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Award-winning artist behind television classics Bagpuss and The Clangers, Peter Firmin has a place in the childhood memories of a whole generation.
Peter Firmin was born in 1928 and discovered a talent for illustration at an early age, inventing comics with pens and paper borrowed from his father, a telegraphist on the railways. He graduated from Central Saint Martins in 1952 with an NDO in illustration, having also lectured there.
Firmin looked set for a career in freelance book illustration until a life-changing visit from Oliver Postgate, a stage manager looking for help with a live animated television series.
Their first collaboration, Alexander the Mouse was performed live in the studios with an erratic magnetic animation method. When Oliver acquired a cine camera and adopted the more reliable stop-frame method, he founded "Smallfilms" in 1958.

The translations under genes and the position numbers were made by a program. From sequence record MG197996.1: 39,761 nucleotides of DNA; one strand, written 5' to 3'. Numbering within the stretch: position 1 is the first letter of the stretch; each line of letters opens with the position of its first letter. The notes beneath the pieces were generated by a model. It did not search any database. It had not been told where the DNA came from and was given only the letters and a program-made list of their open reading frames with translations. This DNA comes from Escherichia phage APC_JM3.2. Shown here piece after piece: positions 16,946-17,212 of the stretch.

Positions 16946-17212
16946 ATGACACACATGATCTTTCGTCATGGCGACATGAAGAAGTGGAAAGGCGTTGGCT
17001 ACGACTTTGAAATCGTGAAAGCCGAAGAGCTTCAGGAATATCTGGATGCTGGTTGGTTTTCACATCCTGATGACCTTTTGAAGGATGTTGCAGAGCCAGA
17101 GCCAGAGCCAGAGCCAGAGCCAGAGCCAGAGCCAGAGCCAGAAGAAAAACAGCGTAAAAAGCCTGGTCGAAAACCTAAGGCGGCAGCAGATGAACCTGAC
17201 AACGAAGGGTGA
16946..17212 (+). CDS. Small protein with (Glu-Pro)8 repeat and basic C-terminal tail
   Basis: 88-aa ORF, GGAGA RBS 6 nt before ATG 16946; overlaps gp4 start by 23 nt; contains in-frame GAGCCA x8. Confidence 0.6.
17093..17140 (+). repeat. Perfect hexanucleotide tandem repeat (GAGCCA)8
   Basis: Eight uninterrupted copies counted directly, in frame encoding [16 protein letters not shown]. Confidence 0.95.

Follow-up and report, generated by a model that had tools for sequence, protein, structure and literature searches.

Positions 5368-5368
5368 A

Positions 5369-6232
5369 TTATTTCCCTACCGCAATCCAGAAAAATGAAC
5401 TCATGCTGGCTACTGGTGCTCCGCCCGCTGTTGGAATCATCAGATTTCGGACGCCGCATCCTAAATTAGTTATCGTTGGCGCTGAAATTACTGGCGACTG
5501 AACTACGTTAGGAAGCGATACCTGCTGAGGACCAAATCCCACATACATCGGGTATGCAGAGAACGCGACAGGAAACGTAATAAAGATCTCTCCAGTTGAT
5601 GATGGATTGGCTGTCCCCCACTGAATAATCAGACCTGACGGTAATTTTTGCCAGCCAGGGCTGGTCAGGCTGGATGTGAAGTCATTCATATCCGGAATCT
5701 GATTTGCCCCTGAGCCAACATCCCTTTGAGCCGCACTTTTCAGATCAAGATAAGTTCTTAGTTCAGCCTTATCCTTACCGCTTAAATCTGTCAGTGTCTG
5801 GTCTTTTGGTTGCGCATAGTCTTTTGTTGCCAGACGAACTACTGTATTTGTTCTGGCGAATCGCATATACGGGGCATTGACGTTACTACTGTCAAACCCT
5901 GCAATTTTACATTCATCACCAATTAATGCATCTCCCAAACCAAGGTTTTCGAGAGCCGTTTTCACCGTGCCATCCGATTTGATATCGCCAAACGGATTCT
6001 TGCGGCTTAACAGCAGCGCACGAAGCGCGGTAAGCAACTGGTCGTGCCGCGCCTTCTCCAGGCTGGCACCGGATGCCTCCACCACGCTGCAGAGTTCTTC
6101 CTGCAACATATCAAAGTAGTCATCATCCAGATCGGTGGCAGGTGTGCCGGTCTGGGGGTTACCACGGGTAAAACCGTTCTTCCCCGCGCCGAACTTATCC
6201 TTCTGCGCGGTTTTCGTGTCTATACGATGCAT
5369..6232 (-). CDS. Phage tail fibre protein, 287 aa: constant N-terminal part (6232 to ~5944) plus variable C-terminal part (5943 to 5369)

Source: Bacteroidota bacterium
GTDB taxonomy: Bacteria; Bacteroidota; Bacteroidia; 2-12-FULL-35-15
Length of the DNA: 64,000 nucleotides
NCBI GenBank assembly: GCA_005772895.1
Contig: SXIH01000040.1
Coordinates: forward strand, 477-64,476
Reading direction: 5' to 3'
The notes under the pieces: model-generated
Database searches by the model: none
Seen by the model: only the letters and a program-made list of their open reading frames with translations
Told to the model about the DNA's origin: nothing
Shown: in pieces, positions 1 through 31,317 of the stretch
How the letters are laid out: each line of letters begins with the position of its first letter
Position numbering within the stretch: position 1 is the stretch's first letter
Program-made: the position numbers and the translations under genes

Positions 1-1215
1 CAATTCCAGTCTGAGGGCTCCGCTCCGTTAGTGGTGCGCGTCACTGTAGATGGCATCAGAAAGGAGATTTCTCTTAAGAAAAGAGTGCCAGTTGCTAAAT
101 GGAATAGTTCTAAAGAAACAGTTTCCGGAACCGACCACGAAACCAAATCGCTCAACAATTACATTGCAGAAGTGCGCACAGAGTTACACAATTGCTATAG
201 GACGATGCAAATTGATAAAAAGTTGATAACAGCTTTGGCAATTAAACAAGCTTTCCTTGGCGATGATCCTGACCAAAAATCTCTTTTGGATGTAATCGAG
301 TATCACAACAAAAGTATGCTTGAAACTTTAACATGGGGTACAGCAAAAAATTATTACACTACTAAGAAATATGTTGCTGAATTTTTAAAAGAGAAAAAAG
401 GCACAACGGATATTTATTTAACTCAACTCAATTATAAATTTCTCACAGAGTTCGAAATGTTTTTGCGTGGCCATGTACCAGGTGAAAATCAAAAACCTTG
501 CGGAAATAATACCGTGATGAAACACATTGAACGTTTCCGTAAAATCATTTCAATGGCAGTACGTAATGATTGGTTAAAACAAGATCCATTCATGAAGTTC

From Ivor the Engine and Noggin the Nog to The Clangers and Bagpuss, Postgate’s scripts and pioneering stop-motion animation brought Firmin’s models, drawings and sets to life. Their future projects included some of the best-loved television ever made, not just for children but across the entire medium.
In 1999, Bagpuss was voted the nation’s favourite children’s TV programme in a BBC poll, thanks to regular, rapturously received repeats on television from the 1960s to the 1980s.
Although Firmin’s television work came to an end in 1986, the success of 2016’s Smallfilms exhibition at the V&A Museum of Childhood demonstrated its enduring appeal. A steady stream of honours have seen Firmin awarded both an Honorary MA from the University of Kent in 1987, and the Freedom of the City of Canterbury in 2011.
In 2014, he was honoured at the BAFTA Children’s Awards for his outstanding contribution to children’s media and entertainment.